by Nick Harkaway
Here's the thing. I very rarely give a book an unadulterated rave review. As a Mainer, I was brought up to practice moderation. To say I liked a book is fine, even that I liked it a lot, but to say I loved
it is a display of flamboyant emotion my fellow Mainers would look at askance. But there's no help for it; I did love this book.
Now the hard part. What's it about? Well, it's an old-fashioned tale of British Empire swashbuckling adventure (think The Man Who Would Be King
, or King Solomon's Mines
, for example), a science fiction technology fable, a family drama, a coming-of-age story, a jeremiad against contemporary finance-world fiddles and the modern Orwellian state that tortures its citizens to protect our freedoms, and also a tragedy, a comedy, a romance. Hmm, that's not very helpful in giving you a picture of the book, is it? What if I say it's about a supervillain known as the Opium Khan who, with his "Ruskinites," an army of black-clad man-machines, and the assistance of the cynical complicity of the modern security state, works tirelessly over decades to achieve the power of a god over all of humanity, all the while countered by ingenious men and women and their steampunkish submarines, trains, various other devices and a network of extremely quirky characters and one ancient, blind, bad-tempered and one-toothed pug? No, I thought not.
Let's try another tack and look at the plot. Joshua Joseph ("Joe") Spork is a young London clockmaker and restorer of various types of clever machines, like Victoriana automata. He is the son of the late flashy gangster, Matthew "Tommy Gun" Spork, and the grandson of Matthew's disapproving clockmaker father, Daniel. Despite his love for his father and affection for the gangsters of the Night Market, where the criminal underworld meets periodically in a grand secret bazaar, Joe is so determined not to be like him that he has, as he says, dedicated his life to being mild. He's a quiet, law-abiding man, so shy and retiring he can't bring himself to follow through on the world's most obvious hint when a generously bosomed barmaid takes his hand and holds it over her heart.
Joe isn't a complete saint, though. He knows the sin of covetousness when he doggedly visits ancient Edie Bannister and feels sure she's working up to offer him some really excellent piece of machinery to work on. And she is, but she might have left it just a little late. What she has is a piece of a device that, like the atomic bomb, has the power to end all wars or destroy the planet, depending on who controls it. And, suddenly, a lot of very bad men, including government men, want to be the ones to get their hands on it and are willing to do whatever it takes to Edie, Joe and everyone they ever knew, to achieve their goal.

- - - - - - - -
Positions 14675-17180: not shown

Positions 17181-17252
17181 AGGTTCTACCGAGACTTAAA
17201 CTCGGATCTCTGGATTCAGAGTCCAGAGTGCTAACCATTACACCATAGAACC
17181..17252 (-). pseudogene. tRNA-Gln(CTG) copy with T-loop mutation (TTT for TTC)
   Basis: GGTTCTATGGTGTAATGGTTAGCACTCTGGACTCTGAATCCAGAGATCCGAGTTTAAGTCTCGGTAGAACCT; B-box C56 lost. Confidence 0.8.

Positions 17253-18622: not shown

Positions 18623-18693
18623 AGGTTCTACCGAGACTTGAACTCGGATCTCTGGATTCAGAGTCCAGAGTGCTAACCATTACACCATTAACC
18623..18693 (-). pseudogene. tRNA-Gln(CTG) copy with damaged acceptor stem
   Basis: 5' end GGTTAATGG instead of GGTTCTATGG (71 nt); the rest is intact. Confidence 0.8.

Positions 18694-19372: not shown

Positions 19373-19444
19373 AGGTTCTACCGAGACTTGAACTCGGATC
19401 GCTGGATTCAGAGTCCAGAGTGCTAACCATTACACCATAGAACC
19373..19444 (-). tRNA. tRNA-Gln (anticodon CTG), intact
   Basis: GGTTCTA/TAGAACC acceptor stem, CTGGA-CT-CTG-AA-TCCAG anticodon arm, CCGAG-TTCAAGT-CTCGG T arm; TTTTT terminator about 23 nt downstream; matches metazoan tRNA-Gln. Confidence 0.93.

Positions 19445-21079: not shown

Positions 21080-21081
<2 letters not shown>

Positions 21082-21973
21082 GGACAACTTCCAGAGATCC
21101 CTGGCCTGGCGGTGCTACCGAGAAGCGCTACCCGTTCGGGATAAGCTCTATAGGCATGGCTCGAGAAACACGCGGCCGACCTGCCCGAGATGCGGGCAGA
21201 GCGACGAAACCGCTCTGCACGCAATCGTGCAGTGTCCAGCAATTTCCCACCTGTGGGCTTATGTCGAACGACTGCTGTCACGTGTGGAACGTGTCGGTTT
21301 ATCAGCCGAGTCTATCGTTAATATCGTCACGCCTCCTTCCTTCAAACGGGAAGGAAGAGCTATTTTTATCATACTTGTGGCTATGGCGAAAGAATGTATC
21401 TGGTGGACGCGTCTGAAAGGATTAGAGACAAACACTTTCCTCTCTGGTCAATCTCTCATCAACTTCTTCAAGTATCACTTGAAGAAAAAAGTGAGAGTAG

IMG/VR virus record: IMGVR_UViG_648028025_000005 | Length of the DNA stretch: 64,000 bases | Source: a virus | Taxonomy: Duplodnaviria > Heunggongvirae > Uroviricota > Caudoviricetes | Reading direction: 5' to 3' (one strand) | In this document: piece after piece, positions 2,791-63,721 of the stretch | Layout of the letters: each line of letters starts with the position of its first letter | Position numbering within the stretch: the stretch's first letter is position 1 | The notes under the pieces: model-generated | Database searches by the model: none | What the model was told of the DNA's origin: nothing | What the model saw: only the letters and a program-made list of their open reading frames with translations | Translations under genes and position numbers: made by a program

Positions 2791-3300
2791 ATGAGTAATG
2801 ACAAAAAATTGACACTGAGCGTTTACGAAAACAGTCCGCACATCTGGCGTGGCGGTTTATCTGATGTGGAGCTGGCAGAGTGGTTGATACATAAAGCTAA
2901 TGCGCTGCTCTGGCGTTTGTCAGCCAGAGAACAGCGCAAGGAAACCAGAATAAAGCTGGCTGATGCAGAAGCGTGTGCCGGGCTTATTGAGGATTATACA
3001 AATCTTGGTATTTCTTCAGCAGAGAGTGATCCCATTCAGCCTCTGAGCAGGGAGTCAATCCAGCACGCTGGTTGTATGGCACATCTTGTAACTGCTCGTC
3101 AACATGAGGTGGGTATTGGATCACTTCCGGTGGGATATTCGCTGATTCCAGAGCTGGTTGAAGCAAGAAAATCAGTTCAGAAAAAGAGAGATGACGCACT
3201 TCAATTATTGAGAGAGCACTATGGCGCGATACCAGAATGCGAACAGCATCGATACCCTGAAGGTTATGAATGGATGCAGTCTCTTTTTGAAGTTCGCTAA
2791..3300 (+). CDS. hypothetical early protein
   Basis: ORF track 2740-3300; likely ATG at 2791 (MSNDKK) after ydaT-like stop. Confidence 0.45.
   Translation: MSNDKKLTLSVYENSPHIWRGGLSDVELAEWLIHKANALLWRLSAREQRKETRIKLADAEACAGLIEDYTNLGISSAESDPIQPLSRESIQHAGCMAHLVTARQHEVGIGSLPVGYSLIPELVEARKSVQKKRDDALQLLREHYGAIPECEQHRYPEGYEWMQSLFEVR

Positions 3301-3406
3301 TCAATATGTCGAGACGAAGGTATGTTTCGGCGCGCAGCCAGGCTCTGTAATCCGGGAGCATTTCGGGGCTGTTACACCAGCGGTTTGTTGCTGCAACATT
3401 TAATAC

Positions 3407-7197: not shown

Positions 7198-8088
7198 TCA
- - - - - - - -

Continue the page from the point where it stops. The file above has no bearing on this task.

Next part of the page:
There follows a tale of dazzling imagination and invention that takes us back in time to Edie's youth as a highly skilled secret agent, doing battle with supervillain Shem Shem Tsien and falling in love with Joe's genius inventor grandmother––the creator of the sought-after device. This long trip into the past is no digression, though, because everything that happens there is supremely important to Joe's story in the present.
|Have fun storming the castle!|
In fact, though this is a long book crammed to the bursting point with anecdotes, people, places and things, not a single bit of it is frippery. It's all a part of the grand and intricate machinery that drives this epic story, one in which Joe ceases to be mild and embraces everything he ever learned from Matthew and his world. Why? So he can save the universe and get the girl, of course.
All of the characters in this book are deftly drawn, the plot is always easy to follow despite its complexity, and Harkaway writes with a scintillating and abundant style that is just to the good side of florid. I'd say the book would make a crackerjack movie, except you'd miss the playful ingenuity and repleteness of Harkaway's prose.
Harkaway is the son of famed espionage writer John le Carré. I imagine he knows a thing or two about growing up with a larger-than-life father, and that has added poignancy to Joe's story. Harkaway has chosen to follow his father's career and we should be glad he did. Though I warn you, this book may ruin you for any other reading for awhile. When I finished it, I was still so far under its spell that nothing else appealed to me. Everything else seemed muted and timid by comparison. I know, I finally thought: I'll just go find a copy of Harkaway's first novel, The Gone-Away World
was published in the U.S. by Knopf on March 20, 2012.
: I did not
receive a free copy of this book. I bought the audiobook and may well go out and buy a copy of the hardcover; that's how sure I am that Harkaway is going to become a big name and that I'll want to savor this book again. As for the audiobook, I just want to say that Daniel Weyman is the best possible narrator of this material. He understands that this is a story that needs to be acted
, with absolute abandon, and he throws himself into it with all the energy and dash it deserves.
A version of this review appears on the Amazon product page, under my Amazon username.
Sister M, I'm not a Mainer so I have no trouble saying I LOVED this highly original book. Thanks for your entertaining review. Like you, I can't wait to read Harkaway's THE GONE-AWAY WORLD.ReplyDelete
Sounds great----- and it's even available for Kindle AND available, free, through Library2Go. Whoo whoo.ReplyDelete
I have THE GONE-AWAY WORLD all cued up and ready to listen to as soon as i finish the latest Peculiar Crimes Unit book, BRYANT & MAY AND THE INVISIBLE CODE.ReplyDelete
Cave76, aren't library digital downloads great? Are you getting the ebook or the audiobook?
After this review, I HAD to read ANGELMAKER. I'm about three-quarters done and am absolutely loving it.ReplyDelete